Speaking of growth, cryptocurrencies have been breaking new highs and attracting more interest. The crypto exchange app Coinbase passed TikTok and YouTube to become the most downloaded app in Apple’s App Store a couple times during 2021. Some view the world’s most popular cryptocurrency, Bitcoin, as a hedge against inflation. Politicians, athletes and others started taking their paychecks in Bitcoin in 2021. We’ll see if your employer will offer you that option in 2022.
One of 2022’s most dramatic developments is the new space race. China and Russia are collaborating on a future moon base (in 2030) as well as landing a robot on an asteroid (in 2024). Not to be outdone, NASA announced its next 10 future astronauts in December with ambitions for a future Moon mission.
Private space companies SpaceX, Blue Origin and Virgin Galactic all sent civilians into space in 2021, and they are all teasing the promise of a future of space tourism. Their ambitions will get bigger in 2022. This will be the year that SpaceX plans to put its Starship reusable rocket and space vehicle into flight for its first missions. Speaking about Starship, SpaceX CEO Elon Musk said, “This is a profound revolution in access to orbit. There has never been a fully reusable, orbital launch vehicle. This is the holy grail of space technology. It is the fundamental breakthrough that is necessary for humanity to become a space-faring civilization.”
Meanwhile, SpaceX’s StarLink and Blue Origin and Amazon’s Project Kuiper will launch thousands of low orbit satellites into the atmosphere in 2022. Their mission to bring fast, reliable broadband internet at a reasonable price to every corner of the planet is a welcome advance. But, the side effect is tons of space debris that could disrupt astronomers’ telescopes, collide with spacecraft and create massive amounts of space junk. Apparently, they’ve never watched the movie Wall-E.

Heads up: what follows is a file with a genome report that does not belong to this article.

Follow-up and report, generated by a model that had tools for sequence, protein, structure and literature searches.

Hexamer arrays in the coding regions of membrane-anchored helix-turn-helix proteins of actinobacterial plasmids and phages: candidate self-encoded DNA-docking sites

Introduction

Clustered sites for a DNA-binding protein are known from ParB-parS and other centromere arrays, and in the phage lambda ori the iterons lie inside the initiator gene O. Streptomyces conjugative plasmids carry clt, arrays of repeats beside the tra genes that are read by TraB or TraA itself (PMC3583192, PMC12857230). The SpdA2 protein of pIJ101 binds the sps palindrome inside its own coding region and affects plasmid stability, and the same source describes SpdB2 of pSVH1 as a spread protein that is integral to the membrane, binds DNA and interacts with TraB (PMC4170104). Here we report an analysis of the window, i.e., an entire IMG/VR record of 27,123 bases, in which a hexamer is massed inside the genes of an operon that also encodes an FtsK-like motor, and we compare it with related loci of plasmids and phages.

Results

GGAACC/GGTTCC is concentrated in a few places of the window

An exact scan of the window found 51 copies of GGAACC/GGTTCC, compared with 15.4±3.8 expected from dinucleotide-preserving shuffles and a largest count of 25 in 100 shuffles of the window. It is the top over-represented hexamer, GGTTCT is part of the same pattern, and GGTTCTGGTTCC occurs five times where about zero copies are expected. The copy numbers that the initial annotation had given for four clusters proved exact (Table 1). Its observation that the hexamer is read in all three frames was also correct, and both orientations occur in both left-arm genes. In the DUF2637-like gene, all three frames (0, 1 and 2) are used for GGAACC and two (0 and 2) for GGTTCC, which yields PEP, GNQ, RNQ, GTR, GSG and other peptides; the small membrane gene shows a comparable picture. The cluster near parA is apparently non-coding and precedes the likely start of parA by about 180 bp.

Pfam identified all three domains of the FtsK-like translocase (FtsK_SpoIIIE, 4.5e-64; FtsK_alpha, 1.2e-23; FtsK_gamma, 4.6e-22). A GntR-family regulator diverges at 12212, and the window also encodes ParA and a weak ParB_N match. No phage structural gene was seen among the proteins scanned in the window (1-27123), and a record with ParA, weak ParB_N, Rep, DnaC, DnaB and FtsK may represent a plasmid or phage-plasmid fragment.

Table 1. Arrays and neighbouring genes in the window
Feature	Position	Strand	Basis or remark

Electric vehicles, or EVs, are poised for a huge year in 2022 after a number of breakthroughs in 2021, including the Tesla Model 3 becoming the bestselling vehicle in Europe in September. The writing is on the wall for fossil fuel-burning vehicles. The US will discontinue purchases of gas-powered vehicles by 2035, the UK will do so by 2030 and a broader coalition of countries have set 2040 as a global date for ending fossil fuel vehicles.
Musk, also the CEO of Tesla, predicted that the Tesla Model Y compact SUV will become the bestselling vehicle worldwide in terms of revenue in 2022 — beating out the Ford F-150 pickup and the Toyota Corolla compact. But the biggest EV story of 2022 is likely to be the transition in trucks, with the Chevy Silverado EV, Ford F-150 Lightning, Tesla Cybertruck and Rivian R1T dominating the headlines.
Consumers should also keep in mind that a gas-powered vehicle you buy today could have its resale value drop steeply in the years ahead as demand plummets because of people transitioning away from old combustion engine technology to EVs.
The changes sweeping across the planet will not slow down in 2022, even if the COVID-19 pandemic finally recedes to become endemic. Beyond the five big themes mentioned above, CNET: The Year Ahead will cover a wide range of topics to help you get your head around what’s coming.
We’ll leave you with one last topic you should expect to hear a lot about in 2022: the metaverse. Plenty of us would love to step into a version of the holodeck from Star Trek, and it’s hard not to notice the explosion of online gaming during the pandemic. But let’s keep our metaverse expectations low for 2022. A lot of work needs to be done to build better virtual reality headsets and an ecosystem of truly immersive virtual worlds. If we get a few encouraging glimpses of the metaverse in 2022, we should count ourselves pretty happy.